PC will not boot after power surge and new PSU installation

Jan 19, 2019
Hello all,

My computer won't boot after a power surge yesterday. I returned from 2 month holiday and turned my PC on. Everything was fine for about 5 minutes, after which a fuse popped in my flat and I lost power in my wall sockets, and some other appliances (lights were still on). I went to the fuse box and turned the switch back on, regained power for my sockets, but ever since my computer won't boot.

I suspected the PSU as the most common issue, I tried the paperclip test and my PSU wouldn't start up, so I ordered a new one off Amazon. I replaced my old Corsair RM850 with a Seasonic SSR-850FX, installed it this morning, but my computer will still not boot.

I don't think my mobo has an in-built system speaker (which is making debugging difficult), and I am still looking for one in all my components' boxes. However, when I press the power button on my case, there is a brief crack in the plugged-in speakers (making me think that the mobo is getting power).

Unfortunately, I don't have any spare CPU / mobo around to test individually, and I'd rather give it some more effort before investing into new components. Any and all help is greatly appreciated!

My specs:

Gigabyte GTX1080
256GB Samsung SSD
16GB RAM Vengeance Corsair
MSI Z97-G45 Gaming Motherboard
Both of your power supplies are very good.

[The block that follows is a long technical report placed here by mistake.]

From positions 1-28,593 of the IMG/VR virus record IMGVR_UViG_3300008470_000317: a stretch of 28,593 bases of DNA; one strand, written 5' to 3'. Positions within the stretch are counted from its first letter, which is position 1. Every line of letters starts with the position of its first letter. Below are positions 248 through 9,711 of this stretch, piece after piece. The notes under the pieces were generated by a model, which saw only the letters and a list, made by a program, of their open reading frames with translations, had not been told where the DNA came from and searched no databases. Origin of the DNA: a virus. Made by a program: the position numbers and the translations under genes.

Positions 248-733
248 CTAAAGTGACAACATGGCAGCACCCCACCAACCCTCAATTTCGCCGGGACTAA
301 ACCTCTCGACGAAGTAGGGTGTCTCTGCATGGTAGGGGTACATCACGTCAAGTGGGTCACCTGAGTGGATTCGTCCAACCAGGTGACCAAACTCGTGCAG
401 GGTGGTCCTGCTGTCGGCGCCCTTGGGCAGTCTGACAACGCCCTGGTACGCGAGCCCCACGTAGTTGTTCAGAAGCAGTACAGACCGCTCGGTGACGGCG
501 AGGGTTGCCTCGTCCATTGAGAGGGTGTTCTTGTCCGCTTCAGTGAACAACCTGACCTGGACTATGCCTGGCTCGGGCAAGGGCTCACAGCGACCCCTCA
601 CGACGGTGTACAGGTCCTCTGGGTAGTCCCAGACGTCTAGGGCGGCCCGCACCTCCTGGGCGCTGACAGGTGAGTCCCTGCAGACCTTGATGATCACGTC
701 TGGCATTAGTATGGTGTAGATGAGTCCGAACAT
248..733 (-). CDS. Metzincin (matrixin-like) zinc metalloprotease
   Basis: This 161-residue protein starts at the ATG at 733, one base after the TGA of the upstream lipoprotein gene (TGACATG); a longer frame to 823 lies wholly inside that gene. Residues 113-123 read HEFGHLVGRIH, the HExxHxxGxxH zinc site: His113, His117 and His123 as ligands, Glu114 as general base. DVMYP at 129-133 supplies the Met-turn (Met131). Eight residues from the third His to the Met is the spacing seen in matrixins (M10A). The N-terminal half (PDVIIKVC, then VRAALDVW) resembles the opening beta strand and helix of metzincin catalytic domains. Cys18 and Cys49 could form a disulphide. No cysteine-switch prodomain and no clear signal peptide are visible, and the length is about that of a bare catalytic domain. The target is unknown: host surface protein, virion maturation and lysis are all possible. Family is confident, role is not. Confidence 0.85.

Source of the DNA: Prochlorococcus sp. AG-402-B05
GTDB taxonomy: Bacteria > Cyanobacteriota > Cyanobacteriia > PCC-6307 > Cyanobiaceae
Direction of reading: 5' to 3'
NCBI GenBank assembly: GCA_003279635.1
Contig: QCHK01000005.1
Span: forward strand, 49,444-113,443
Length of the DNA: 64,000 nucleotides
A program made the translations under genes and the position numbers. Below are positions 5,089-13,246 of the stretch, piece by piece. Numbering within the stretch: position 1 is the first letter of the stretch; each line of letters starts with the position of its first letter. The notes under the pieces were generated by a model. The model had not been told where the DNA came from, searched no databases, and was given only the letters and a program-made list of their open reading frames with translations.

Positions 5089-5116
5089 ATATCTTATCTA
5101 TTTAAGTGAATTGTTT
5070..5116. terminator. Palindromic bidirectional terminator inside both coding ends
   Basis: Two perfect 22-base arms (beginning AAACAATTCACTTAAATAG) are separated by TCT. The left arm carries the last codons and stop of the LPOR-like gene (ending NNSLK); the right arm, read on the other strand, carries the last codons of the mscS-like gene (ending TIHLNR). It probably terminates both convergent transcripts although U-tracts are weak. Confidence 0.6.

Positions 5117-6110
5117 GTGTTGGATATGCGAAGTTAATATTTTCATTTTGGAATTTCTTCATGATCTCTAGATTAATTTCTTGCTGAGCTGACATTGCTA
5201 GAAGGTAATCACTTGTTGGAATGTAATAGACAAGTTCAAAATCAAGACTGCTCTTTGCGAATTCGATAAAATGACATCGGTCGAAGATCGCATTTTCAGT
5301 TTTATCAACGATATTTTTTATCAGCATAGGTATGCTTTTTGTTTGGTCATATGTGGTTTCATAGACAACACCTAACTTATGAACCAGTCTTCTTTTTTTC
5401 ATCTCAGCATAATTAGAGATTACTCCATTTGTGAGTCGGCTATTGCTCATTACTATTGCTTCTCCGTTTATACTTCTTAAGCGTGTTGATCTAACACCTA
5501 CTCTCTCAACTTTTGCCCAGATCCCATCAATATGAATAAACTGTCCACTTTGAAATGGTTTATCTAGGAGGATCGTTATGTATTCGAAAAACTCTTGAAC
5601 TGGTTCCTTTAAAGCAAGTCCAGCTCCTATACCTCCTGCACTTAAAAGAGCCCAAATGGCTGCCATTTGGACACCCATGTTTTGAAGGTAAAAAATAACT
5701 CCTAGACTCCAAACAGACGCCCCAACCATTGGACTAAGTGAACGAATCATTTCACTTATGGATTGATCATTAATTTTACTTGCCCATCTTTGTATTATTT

FWIW the paper clip test is useful to confirm a totally dead psu, it does not tell you anything about proper operation.

Can you test to see if your power outlet is properly grounded?
If not, that is the first thing to fix.

At this point, I think the power surge caused some damage.
The most likely victim is the motherboard.
Jan 19, 2019
I tried unmounting most of the hardware from my mobo (tried booting with and without RAM, GPU, CPU), and the PC still won't boot. I suspect it is fried. I tried following some tutorial on youtube for measuring voltages using a multimeter, but any component could be damaged on the board. I'm getting 4.5V on my Power Switch pin connector. 3V on my CMOS battery. These are all values that match the ones in the mobo's manual.

I'm guessing something happened on my electrical network which caused something to burn up on my mobo. At this point I'm just willing to invest into a better PC, as mine is already 6 years old, and most likely buy a UPS for it as well. I'll also call landlord admin to come perform an electrical inspection of the flat, just to be on the safe side for my new rig.


Your parts are still good.
Perhaps you can take it to a pc shop and ask them to identify the bad part/s.
They will have the ability to swap out parts.
Unfortunately, that is about the only way to pinpoint hardware component failures.

OTOH, this might be a good justification to splurge on a big upgrade.


May 20, 2008

Don't forget to include a good quality surge protector with your new build. UPS is an even better idea.


Similar threads



Latest posts